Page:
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Afro(Americo)centricity in Liverpool, England

Daniel McNeil

Molefi Asante – the man who coined the phrase Afrocentricity – has derided Paul Gilroy’s notion of a Black Atlantic as “mulatto consciousness”. Moreover, when asked to address an Africa 2000 conference at the University of Liverpool, Asante insisted that Gilroy’s work ran “counter to the wisdom of experience in the African American community.” In order to document the power and peril of Afro(Americo)centricity outside of the United States, my paper draws on oral history records to show how Blacks of mixed racial origins in Liverpool have increasingly defined their community against tragic, and infantilised, images of American “mulattoes” and British “half-cases”.

What is called Afri-centrism today ... is probably only the nationalism of black Americans – a discourse of racial particularity that does not translate very easily to other circumstances and which in my view expresses a distinctively American understanding of ethnicity, kinship and cultural difference rather than a nationalistic or exilic relationship to Africa itself. Afri-centrism is therefore more properly identified as Americo-centrism.

Paul Gilroy, “Between Afri-centrism and Euro-centrism: youth culture and the problem of hybridity” (1993)

To be more precise, I contend that a Liverpool-born Black identity has been used to shield children from white racism, and develop heroes able to confront a nation that seems to favour African or African Caribbean immigrants over indigenous Blacks. As a result, working-class Blacks in Liverpool can imagine a healthier outlook for multicultural Britain´ and a Black Atlantic currently tied to chic, cosmopolitan centres. Moreover, they can view the city’s successful bid to become Europe’s capital of culture in 2008 with a special clarity of vision or a dreadful objectivity. Nonetheless, I also note how an assertive Black identity in Liverpool can continue to rely on mythic forms of masculine heroes, and provoke dreams of an exotic foreign identity in a New World.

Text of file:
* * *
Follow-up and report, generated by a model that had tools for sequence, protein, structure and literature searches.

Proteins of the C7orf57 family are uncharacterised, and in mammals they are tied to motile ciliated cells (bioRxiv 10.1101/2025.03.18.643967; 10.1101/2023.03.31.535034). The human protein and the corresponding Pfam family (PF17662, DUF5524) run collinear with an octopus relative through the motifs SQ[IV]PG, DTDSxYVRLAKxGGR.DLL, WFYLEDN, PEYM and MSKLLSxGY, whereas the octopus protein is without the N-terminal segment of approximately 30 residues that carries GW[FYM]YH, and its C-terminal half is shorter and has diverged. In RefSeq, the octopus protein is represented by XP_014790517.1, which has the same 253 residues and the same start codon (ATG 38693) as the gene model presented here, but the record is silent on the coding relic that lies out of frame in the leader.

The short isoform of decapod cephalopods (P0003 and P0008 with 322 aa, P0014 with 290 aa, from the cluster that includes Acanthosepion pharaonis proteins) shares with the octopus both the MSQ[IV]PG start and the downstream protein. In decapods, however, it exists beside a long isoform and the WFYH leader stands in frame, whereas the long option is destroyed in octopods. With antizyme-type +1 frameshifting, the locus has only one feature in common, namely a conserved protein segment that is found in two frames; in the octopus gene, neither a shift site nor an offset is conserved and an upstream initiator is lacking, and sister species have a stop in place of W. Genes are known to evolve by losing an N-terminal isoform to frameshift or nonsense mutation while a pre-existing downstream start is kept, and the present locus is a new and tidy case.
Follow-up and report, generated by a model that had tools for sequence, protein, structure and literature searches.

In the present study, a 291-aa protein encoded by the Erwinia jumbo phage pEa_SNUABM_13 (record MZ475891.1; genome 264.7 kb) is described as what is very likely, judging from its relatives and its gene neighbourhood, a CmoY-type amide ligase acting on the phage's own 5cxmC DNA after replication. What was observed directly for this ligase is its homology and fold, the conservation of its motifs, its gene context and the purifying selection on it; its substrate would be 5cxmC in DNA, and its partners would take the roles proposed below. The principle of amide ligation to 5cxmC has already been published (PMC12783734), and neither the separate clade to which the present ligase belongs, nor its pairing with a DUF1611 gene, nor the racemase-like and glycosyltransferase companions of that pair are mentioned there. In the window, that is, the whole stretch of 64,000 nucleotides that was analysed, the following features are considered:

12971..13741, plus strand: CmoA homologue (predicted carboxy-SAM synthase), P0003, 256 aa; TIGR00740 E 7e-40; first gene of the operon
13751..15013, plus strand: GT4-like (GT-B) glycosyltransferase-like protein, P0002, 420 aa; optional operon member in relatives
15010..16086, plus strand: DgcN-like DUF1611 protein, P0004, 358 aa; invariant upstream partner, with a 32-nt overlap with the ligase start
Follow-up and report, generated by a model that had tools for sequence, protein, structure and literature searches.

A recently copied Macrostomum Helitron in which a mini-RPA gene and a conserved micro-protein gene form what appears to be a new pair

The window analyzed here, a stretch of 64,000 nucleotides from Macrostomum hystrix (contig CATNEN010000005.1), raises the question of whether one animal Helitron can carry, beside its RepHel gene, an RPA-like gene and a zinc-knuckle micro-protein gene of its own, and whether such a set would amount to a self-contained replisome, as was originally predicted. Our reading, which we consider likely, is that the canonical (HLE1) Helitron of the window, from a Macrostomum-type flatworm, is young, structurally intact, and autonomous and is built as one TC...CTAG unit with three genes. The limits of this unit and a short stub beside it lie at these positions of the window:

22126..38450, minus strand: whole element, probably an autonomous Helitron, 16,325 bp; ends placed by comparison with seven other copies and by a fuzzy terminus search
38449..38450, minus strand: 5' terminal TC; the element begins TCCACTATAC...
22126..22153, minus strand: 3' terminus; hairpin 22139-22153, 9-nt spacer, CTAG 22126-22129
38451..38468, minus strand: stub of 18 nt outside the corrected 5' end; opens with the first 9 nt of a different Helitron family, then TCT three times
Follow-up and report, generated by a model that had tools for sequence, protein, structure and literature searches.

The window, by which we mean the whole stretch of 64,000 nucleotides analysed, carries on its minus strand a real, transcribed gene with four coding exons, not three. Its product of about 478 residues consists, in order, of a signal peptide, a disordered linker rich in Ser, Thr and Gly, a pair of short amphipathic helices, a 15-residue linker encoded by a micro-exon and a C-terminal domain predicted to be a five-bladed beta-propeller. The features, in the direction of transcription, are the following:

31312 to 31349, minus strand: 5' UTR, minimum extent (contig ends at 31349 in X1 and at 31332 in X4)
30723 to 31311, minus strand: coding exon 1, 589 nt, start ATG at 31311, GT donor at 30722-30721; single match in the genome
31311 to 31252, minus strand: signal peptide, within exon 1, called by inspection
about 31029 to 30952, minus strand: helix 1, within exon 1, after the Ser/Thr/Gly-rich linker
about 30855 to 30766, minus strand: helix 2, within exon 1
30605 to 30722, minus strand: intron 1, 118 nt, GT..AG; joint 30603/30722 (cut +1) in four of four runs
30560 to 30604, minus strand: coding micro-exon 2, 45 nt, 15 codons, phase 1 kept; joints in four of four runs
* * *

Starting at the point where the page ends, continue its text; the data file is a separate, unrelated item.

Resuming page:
My paper is part of a project to chart “the ghosts of a mulatto past and multicultural future.” In my work, I argue that creative artists in the US, UK and Canada have sought to establish a strong nation, and come to accept a Black culture within it, by promoting mixed-race commodities as representatives of a hyper-national “new people”. I also contend that mixed-race individuals have promoted their own connections to Africa, or at least New World blackness, as well as their ability to protect children of African descent from a mulatto past or an exotic future, in order to secure a position in an American, British or Canadian middle-class.

Asante, Molefi K. The Afrocentric idea. Rev. and expanded ed. Philadelphia, PA: Temple University Press, 1998.
———. "Afrocentricity: Toward a New Understanding of African Thought in this Millennium." University of Liverpool, August 19 2000.
Gilroy, Paul. "Ali G and the Oscars."Open Democracy, April 4 2002.
McNeil, D. "Why we need to think about role modelling." The Multiracial Activist 17 (2003).

Questions for the panel, "Representing Black European history"

  • Why ‘representing’ and not ‘analysing’?

  • To whom are we representing Black European history?

  • Might it be helpful to highlight sub- and supra- national histories as well as
    national histories?

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